In Toronto in 1983 I exhibited “Displaced Perspective” which was the worlds first artwork that used a Head Mounted Display (HMD) as the display medium. This groundbreaking work transported viewers viewpoint to a spot 4 meters away that looked back at themselves wearing the HMD and created a kind of altered perception as it was like removing your eye and moving it to look back at yourself. This sensation of “remote vision” was amplified as a second perspective, recorded previously from the same camera location, was also played simultaneously with the live camera feed to immerse the viewer within the videospace and redefine their awareness of what was real or recorded.

How it works

I used 2 eyepieces out of 2 video camera, extended the cables and mounted them in a HMD I created

Challenges I ran into

It was the worlds first HMD artwork

Accomplishments that I'm proud of

To create this work I created a HMD out of 2 camera eyepieces and a custom build enclosure which was counterbalanced by a movable arm and counterweight. The piece was extremely successful and I later went on developing HMD technology with a company I founded in 1987 called HorizonScan Inc. that was the first to incorporate panoramic imagery inside a VR environment. In these early VR days I worked with some of the worlds leading innovators and developed and patented numerous innovations that today have become mainstream but which 25 years ago were the stuff of science fiction. I worked with with Jaron Lanier at VPL Research and in 1990 at SIGGRAPH in Dallas we announced “Videosphere” the worlds first panoramic imaging VR system which later evolved into QTVR and Google “Streetview”.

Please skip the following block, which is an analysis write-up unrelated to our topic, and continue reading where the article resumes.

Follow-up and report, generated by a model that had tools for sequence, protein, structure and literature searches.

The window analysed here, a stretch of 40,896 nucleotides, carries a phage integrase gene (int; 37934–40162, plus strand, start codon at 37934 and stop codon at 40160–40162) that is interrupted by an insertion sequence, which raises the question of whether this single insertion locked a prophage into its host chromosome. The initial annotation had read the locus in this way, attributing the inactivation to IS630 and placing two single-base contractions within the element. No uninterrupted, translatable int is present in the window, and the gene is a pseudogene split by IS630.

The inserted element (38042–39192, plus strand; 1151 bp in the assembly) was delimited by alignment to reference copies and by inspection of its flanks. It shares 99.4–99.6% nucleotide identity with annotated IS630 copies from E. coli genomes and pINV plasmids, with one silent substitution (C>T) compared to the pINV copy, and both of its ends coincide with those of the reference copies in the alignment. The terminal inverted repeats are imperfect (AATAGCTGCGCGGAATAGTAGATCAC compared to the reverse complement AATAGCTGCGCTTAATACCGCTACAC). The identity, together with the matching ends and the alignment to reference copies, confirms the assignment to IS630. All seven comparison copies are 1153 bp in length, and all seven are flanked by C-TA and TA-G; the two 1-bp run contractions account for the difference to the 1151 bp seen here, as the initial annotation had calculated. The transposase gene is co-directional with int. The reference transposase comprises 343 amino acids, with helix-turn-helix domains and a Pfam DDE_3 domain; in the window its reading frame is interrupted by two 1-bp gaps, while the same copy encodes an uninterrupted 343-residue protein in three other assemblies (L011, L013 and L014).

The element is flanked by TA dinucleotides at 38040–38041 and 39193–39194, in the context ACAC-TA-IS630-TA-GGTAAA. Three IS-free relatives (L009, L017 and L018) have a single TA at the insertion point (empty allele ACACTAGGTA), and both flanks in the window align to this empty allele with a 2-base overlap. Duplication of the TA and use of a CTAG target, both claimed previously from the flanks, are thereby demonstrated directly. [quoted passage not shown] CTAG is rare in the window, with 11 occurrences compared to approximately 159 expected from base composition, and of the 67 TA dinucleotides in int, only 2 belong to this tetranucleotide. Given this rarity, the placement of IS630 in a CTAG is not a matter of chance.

What I learned

Perspective is all in the eyes of the beholder

What's next for Displaced Perspective

Currently I am looking for an opportunity to exhibit the original “Displaced Perspective” artwork that I have adapted with modern optics and a new HMD based work called “Perspective” which uses numerous HMD’s simultaneously to allow a large number of people the ability to immerse themselves within the work. “Perspective” takes the camera view from ground level to one that is 7 meters up and looking straight down at the audience who all are wearing HMD units. Viewers see themselves as tiny “ant like creatures” and get an intense kinesthetic body feedback sensation due to the live feedback they receive from the camera. When they move their arms or walk in a certain direction, they see the small image of their body from above move in perfect synchrony with their body motion, which powerfully projects their sensation of presence into the video image.

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